China Times and United Daily News - outlets considered friendly towards the PRC and more blue (KMT) leaning respectively -  commonly described the story as a “spy farce.” The publications worked to discredit Wang and his claims, reporting that his accounts were “highly suspect” and suggested he was a “mediocre spy.” PRC state media such as China Daily and Global Times shared similar rhetoric, with the China Daily writing an editorial titled “Australia's spy stories defy belief.”

By contrast, Apple Daily uses more neutral language to describe the developing controversy. They reported, for example, that while some details are difficult to confirm, Western diplomats are taking Wang’s claims seriously. In a more recent article on December 7th, the Liberty Times News shared a similar story, citing people in the US intelligence community, such as PRC expert Nicholas Eftimiads, who believe Wang’s claims.

“Disillusioned Spy” Coverage on Social Media

Partisan Facebook Page and Group conversations are also sharply divided in their perceptions of the “disillusioned spy.” Our team tracked the themes and stories that have received heightened attention as each party shared the side of the narrative most favorable to them. 

A search for Wang’s name (王立強) across a subset of public pro-DPP Fan Pages on Facebook shows that popular posts have focused on: 

  • Denouncing a video released by Chinese state media claiming to show Wang appearing before a judge for fraud charges in 2016. An example of this story can be found here.
  • Rebuking Han Kuo-yu’s claims questioning the credentials of the Australian journalist who interviewed Wang. An article that received high engagement on Facebook titled, “No YOU’RE the small toothpick,” defends the credibility of the journalist after Han allegedly described him as a “small toothpick.” 
  • Circulating Wang’s claims of donating money to Han Kuo-yu’s campaign in 2018. Han has been quoted numerous times saying that if he had received a dollar from the CCP, then he would have immediately withdrawn from the election. One pro-DPP Page writes in a Facebook post, “According to his previous logic, it should be quite a lot of money.”

Across a subset of public pro-Han Kuo-yu Pages, narratives have focused on: 

  • Defending Han Kuo-yu against Wang’s corruption allegations by saying that Tsai is playing dirty to win. One Facebook post for example links to a China Times article defending Han Kuo-yu against Wang’s corruption allegations. The post also showed a photo of Tsai Ing-Wen with a caption stating that Tsai lacks evidence for the allegations and is “shameless” in her attempt to win at all costs.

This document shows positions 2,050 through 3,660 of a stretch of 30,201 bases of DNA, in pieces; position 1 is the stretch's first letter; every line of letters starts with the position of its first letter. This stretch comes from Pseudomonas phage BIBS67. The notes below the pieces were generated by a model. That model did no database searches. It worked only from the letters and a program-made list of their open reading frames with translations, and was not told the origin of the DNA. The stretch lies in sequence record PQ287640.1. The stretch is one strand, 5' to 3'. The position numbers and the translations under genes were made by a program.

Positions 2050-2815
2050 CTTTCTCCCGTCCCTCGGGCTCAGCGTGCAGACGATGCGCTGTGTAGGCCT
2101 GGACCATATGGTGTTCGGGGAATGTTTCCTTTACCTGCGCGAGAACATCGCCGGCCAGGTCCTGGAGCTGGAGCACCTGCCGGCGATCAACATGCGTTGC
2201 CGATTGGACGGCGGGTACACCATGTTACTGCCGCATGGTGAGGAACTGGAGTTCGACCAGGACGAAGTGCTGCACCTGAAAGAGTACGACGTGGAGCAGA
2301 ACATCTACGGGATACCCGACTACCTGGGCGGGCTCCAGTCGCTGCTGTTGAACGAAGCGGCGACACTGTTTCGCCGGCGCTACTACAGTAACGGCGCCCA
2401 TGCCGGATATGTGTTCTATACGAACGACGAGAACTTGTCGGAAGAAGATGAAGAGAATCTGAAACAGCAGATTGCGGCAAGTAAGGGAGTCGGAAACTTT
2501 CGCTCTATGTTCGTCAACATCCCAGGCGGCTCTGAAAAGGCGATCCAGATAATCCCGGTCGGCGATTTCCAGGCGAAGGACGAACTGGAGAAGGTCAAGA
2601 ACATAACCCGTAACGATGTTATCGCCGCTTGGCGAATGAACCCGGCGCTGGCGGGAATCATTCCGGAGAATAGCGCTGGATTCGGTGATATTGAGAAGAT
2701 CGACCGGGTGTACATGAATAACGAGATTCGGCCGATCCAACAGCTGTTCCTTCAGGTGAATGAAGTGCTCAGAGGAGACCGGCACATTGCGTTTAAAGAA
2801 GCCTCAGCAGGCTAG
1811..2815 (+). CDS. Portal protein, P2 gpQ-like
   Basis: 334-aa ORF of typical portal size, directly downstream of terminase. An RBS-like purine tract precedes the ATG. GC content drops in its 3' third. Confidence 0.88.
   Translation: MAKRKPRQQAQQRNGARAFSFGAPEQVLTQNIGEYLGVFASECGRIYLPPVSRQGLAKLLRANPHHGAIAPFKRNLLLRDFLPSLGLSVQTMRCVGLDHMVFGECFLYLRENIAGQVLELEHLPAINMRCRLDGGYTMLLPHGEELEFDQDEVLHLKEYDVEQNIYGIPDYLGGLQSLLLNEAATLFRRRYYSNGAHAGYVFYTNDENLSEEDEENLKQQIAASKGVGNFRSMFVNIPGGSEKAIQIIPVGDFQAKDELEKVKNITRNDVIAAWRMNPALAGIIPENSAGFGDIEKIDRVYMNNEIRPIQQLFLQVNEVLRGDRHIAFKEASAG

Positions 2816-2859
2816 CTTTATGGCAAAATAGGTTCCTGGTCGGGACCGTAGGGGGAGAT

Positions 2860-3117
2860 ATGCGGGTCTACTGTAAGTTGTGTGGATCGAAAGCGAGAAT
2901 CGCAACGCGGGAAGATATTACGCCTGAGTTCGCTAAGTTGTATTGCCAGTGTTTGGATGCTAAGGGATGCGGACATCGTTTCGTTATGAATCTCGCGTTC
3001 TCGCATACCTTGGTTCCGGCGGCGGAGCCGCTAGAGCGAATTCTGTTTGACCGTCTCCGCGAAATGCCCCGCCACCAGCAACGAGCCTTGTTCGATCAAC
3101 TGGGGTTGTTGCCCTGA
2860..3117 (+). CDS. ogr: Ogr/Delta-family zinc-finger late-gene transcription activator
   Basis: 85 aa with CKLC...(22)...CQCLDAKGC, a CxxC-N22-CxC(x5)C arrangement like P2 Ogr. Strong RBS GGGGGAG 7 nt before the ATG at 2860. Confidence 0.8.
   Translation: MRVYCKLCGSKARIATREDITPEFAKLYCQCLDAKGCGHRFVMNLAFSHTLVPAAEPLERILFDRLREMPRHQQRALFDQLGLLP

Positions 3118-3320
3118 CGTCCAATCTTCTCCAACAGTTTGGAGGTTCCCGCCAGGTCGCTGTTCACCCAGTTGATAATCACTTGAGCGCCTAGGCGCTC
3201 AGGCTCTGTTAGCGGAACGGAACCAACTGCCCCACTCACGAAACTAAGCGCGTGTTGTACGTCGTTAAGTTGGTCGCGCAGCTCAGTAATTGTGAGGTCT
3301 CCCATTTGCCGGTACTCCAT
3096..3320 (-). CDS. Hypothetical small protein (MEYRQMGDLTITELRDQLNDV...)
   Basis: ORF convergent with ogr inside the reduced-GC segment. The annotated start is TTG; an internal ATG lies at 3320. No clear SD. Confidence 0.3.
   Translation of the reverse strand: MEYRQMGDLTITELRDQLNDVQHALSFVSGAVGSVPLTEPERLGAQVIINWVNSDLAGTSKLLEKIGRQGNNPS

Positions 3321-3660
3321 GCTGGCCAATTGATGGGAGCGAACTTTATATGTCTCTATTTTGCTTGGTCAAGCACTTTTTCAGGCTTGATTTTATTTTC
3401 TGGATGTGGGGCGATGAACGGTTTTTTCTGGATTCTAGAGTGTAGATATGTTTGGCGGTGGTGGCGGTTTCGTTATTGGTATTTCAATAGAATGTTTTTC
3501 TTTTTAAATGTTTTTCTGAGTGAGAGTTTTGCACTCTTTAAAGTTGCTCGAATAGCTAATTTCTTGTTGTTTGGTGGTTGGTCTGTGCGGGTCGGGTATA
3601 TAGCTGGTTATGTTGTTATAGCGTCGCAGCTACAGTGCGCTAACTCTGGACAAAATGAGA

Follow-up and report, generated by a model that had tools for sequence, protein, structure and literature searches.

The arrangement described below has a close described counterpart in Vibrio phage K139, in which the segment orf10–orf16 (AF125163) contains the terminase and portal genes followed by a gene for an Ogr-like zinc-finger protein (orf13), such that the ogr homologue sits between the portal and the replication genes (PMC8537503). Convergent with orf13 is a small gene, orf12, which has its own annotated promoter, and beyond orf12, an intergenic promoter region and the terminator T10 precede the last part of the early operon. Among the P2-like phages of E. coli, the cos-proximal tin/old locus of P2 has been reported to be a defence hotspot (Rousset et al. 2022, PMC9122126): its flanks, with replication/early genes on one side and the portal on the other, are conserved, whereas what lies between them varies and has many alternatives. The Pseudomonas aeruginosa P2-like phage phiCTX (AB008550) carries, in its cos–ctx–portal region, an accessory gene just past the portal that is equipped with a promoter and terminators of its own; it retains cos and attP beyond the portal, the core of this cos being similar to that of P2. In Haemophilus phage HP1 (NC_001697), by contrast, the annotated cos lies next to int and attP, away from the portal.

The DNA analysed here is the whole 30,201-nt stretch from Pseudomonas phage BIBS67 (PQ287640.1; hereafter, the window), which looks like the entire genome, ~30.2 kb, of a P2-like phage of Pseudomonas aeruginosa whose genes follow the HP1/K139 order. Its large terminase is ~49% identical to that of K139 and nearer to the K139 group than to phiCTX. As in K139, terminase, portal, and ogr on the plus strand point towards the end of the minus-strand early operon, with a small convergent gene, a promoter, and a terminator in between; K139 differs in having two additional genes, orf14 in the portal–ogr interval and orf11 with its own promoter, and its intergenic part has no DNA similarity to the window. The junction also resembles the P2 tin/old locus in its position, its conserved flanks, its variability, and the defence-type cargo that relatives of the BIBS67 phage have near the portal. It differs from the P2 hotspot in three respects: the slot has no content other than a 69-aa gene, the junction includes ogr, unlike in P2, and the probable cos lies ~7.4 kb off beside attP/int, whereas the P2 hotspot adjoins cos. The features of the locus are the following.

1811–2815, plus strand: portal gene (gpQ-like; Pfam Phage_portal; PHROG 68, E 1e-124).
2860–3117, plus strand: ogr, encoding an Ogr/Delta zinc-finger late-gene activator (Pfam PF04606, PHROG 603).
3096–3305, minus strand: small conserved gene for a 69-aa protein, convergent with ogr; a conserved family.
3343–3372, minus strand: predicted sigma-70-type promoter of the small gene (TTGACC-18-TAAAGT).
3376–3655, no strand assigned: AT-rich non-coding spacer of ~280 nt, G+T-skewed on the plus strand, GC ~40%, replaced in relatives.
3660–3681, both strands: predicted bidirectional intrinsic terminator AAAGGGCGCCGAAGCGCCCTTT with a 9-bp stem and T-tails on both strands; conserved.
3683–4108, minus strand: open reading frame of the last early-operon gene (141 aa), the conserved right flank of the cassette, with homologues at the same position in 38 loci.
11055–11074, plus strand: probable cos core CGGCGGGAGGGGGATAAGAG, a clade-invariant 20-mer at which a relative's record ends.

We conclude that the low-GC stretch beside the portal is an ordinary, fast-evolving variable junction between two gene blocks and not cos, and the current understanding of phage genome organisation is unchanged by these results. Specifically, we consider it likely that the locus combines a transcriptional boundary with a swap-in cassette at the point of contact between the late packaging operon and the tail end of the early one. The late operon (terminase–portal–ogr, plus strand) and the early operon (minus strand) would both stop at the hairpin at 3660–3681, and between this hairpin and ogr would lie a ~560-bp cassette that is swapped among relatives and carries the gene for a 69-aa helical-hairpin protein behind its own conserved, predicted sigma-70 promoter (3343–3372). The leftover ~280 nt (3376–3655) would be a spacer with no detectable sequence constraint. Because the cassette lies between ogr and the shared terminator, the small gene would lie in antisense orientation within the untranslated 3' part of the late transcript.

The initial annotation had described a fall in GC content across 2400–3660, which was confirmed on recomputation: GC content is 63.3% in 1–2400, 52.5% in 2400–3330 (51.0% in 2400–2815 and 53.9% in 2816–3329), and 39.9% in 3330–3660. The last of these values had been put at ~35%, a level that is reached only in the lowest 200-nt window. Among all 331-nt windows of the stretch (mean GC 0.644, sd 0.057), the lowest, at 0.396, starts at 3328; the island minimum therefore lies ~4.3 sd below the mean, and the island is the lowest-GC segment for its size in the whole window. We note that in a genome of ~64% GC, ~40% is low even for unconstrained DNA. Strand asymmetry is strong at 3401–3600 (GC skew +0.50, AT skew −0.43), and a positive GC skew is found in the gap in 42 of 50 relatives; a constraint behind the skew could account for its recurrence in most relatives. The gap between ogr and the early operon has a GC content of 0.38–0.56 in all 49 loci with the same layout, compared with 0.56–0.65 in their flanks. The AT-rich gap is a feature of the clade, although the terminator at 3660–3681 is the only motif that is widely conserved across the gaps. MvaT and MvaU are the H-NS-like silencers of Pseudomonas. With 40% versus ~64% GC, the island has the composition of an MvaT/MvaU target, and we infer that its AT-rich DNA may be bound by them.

• Claiming that the DPP is using Wang’s story of CCP intervention as a “smear to change election results.” The quote is from an article reported by Storm Media that received about 14,000 likes and 1,200 shares on Facebook.
  • Dismissing Wang as someone not high up enough in the ranks to listen to. Han Kuo-yu himself weighed in on the news story, posting a link on his Facebook page to an article that links to coverage from Sky News Australia and The Daily Telegraph where Australian “high-ranking sentimental officials” determined that Wang was too young to be a high-level spy. 

On Twitter, the Epoch Times played a prominent role in circulating coverage of Wang, taking a stance in their articles defending his claims from attempts of PRC-state media to discredit him. The US-based publication was founded “in response to communist repression and censorship in China.” In the United States, the American-based publication prides itself on presenting an alternative to mainstream media coverage. Through additional regional offices in China and Japan, Epoch Times spread Wang’s story through the hashtag, “#王立強” (“#WangLiqiang”). 



The network of how the hashtag  #王立強 spread on Twitter. The account @epochtimes_jp was retweeted by many accounts. Image created using Hoaxy.

Kansai Airport Flooding Story Resurfaces

Less than two weeks after the story of Wang’s defection, another disinformation-related story broke - an unexpected update to a debunked fake news story which circulated in early September, 2018. Last year, the Kansai International Airport in Osaka, Japan flooded due to a typhoon and an evacuation was needed for travelers flying through the airport. On September 6th, PRC state media reported that Taiwanese travelers had to identify as Chinese in order to be allowed on the bus that was used during the rescue efforts, among them “32 Taiwan compatriots” a China Times article wrote. On the same day, a thread about the evacuation was created on a popular Taiwanese online forum, Professional Technology Temple (PTT), and users posted links to the PRC media articles. Newspapers in Taiwan and Hong Kong picked up the story, reusing quotes in a Global Times article from alleged witnesses. These news articles were later proved to be false, as witnesses came forward to state that this had not actually occurred. An investigation found that the IP address of the creator of the Kansai airport thread and the accounts posting fake news stories were traced to Beijing, and so the operation was assessed to be a PRC influence operation.